With many of us waiting for life to return to somewhat normal, I finally got a new book “The Obstacle is the way: The Ancient Art of Turning Adversity to Advantage” by Ryan Holiday.

It’s exactly what I need to be reading now; a practice-oriented book that digs into your perceptions, assumptions and ways of thinking what your problems are and how to do something about them.

I do recognise that most of us are going through unprecedented times and that the challenges we face are multiplied by our anxiety of catching the virus, protecting our family and making sure we stay as healthy and sane as we can.

Yet, it’s also a time for deeper reflection as many of us are facing issues, ideas, and thoughts that normally we wouldn’t have time to face or even notice.


What obstacles are, really 

As a society, we have grown accustomed to the idea that success should somehow be easy, and if it is not, then that’s a sign we are going down the wrong path.

Yet, if you ask top athletes, writers, artists, or experienced leaders, you’d quickly discover that for many of them (unless you are an instant YouTube or Tiktok hit), challenges are in fact what have carved their paths:

“All great victories, be they in politics, business, art, or seduction, involved resolving vexing problems with a potent cocktail of creativity, focus and daring. When you have a goal, obstacles are actually teaching you how to get where you want to go – carving you a path. “The Things which hurt”, Benjamin Franklin wrote, “instruct” “ (p. 8). .

Some even welcome obstacles because they know that if they are not willing to try harder, then they are highly unlikely to get anywhere.

Others view obstacles as teaching moments: a teaching moment where we can learn something about ourselves, the way that the world works, and test our assumptions.

In fact, much of success in most areas of life has to do with how we approach “obstacles”, what we think the problem is and whether we think there is a way around it:

“Overcoming obstacles is a discipline of three critical steps. It begins with how we look at specific problems, our attitude or approach; then the energy and creativity with which we actively break them down and turn them into opportunities; finally, the cultivation and maintenance of an inner will that allows us to handle defeat and difficulty” (p. 9).

It is finding perspective that can help you in seeing the problem for what it is, and then deciding on action how to move forward.


Finding your perspective on the problem 

One of the key perception shifters that Ryan points to is how we interpret the nature of the problem and the emotions associated with it:

“The way we look at the world changes how we see things. Is our perspective truly giving us perspective or is it what’s actually causing the problem? That is the question” (p. 38)

Perspective is based on two separate yet linked issues: the context (a broader view of the world) and framing (our individual way of looking and interpreting what goes on in the world).

But finding a realistic perspective to a problem requires stopping and observing but also more of a “cool head” approach that provides new types of questions that can help in defining our problem.

For example, George Clooney used to fail in most of his early auditions because his aim was to get the directors to like him.

But the directors were not looking for people to like, they were looking for the right person to that role and were under pressure in finding this talent.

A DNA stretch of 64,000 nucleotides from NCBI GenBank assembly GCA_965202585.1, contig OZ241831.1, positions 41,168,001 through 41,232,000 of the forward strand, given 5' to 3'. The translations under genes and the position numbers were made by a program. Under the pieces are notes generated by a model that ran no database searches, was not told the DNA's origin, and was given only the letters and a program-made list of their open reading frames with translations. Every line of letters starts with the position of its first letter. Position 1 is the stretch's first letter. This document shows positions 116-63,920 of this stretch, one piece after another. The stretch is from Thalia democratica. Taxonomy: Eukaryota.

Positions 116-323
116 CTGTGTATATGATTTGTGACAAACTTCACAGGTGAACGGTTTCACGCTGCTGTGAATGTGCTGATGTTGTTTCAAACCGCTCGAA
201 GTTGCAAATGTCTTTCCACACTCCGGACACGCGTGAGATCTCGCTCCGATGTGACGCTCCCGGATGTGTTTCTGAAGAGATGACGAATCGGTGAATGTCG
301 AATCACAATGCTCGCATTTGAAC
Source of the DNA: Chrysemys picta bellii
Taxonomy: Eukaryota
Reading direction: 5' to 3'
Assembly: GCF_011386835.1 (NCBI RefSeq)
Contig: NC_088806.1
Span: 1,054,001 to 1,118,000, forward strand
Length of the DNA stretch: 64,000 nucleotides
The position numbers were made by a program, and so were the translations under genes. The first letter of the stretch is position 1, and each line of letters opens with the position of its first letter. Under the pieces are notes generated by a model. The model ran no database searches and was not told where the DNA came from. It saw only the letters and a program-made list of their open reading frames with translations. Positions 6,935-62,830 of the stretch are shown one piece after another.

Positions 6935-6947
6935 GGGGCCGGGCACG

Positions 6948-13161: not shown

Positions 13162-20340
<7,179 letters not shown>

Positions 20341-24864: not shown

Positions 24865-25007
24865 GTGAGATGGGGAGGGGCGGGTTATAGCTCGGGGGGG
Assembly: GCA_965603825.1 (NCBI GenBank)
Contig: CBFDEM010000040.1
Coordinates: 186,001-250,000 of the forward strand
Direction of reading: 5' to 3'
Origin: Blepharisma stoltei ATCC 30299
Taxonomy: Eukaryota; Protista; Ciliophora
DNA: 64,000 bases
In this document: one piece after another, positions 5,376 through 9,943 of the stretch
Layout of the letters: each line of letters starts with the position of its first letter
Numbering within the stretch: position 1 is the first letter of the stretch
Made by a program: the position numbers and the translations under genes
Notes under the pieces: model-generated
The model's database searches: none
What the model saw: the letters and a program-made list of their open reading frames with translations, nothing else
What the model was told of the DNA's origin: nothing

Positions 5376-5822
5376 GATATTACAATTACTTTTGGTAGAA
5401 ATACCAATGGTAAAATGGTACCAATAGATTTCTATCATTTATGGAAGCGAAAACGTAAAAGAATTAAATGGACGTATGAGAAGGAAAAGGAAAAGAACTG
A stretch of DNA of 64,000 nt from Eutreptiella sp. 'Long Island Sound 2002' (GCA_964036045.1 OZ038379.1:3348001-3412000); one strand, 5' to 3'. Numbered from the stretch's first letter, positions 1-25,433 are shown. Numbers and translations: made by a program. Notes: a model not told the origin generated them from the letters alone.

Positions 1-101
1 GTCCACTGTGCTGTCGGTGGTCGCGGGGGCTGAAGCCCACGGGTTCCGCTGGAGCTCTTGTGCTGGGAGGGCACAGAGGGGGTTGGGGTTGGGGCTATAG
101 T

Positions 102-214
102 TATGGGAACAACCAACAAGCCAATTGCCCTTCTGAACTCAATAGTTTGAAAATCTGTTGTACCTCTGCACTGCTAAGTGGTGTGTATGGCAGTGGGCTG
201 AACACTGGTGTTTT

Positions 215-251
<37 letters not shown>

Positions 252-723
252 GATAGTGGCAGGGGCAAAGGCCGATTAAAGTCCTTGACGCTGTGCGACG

But after a while, Clooney changed his perspective: instead of trying to be just liked, he started seeing himself as the solution for the directors who needed to hire the best talent, and started to be that somebody that they were so desperate to find.

We each have a story about the problem that we face but that does not mean that the story is always true:

“Just because your mind tells you that something is awful or evil or unplanned or otherwise negative doesn’t mean you have to agree. Just because other people say that something is  hopeless or crazy or broken to pieces doesn’t mean it is. We decide what story we tell ourselves. Or whether we tell one at all.” (p. 23).

Obstacles are obstacles often because we decide that that is what they are.

This is a hard truth that many are not willing to embrace but instead keep coming back to why things are wrong, and usually it is the system or other people or “if only I was given a fair chance”.

Yet, if we don’t shift our perspective, we will keep hitting our heads on the same obstacles, which in itself takes a tremendous amount of energy.


Moving forward: learning a new thought skill set 

The book reminds us that owning your perspective is not about seeing life through rose coloured glasses and denying that there are problems.

This is about building that muscle of resistance, of defiance, of saying no to other people’s assumptions about you, and finding your way forward.

Moving forward, however slowly, is important and keeping in mind that all of the following things are actually under our control:

“Our emotions

Our judgments

Our creativity 

Our attitude

Our perspective

Our desires

Our decisions

Our determination” (p. 43).

We each are worthy of the quest that we are taking on, to have an impact, to create something that only we can create.

In this journey, obstacles will come on our way regardless.

But it is more important how you handle those than what the actual obstacles are.

The art of reframing problems is not easy, especially in the current circumstances when our worlds have been turned upside down and there is so much uncertainty about everything.

Yet, if we can master even a few of those aspects in the list above, we can start moving towards a mindset that is agile and able to problem solve in a way we didn’t think was possible.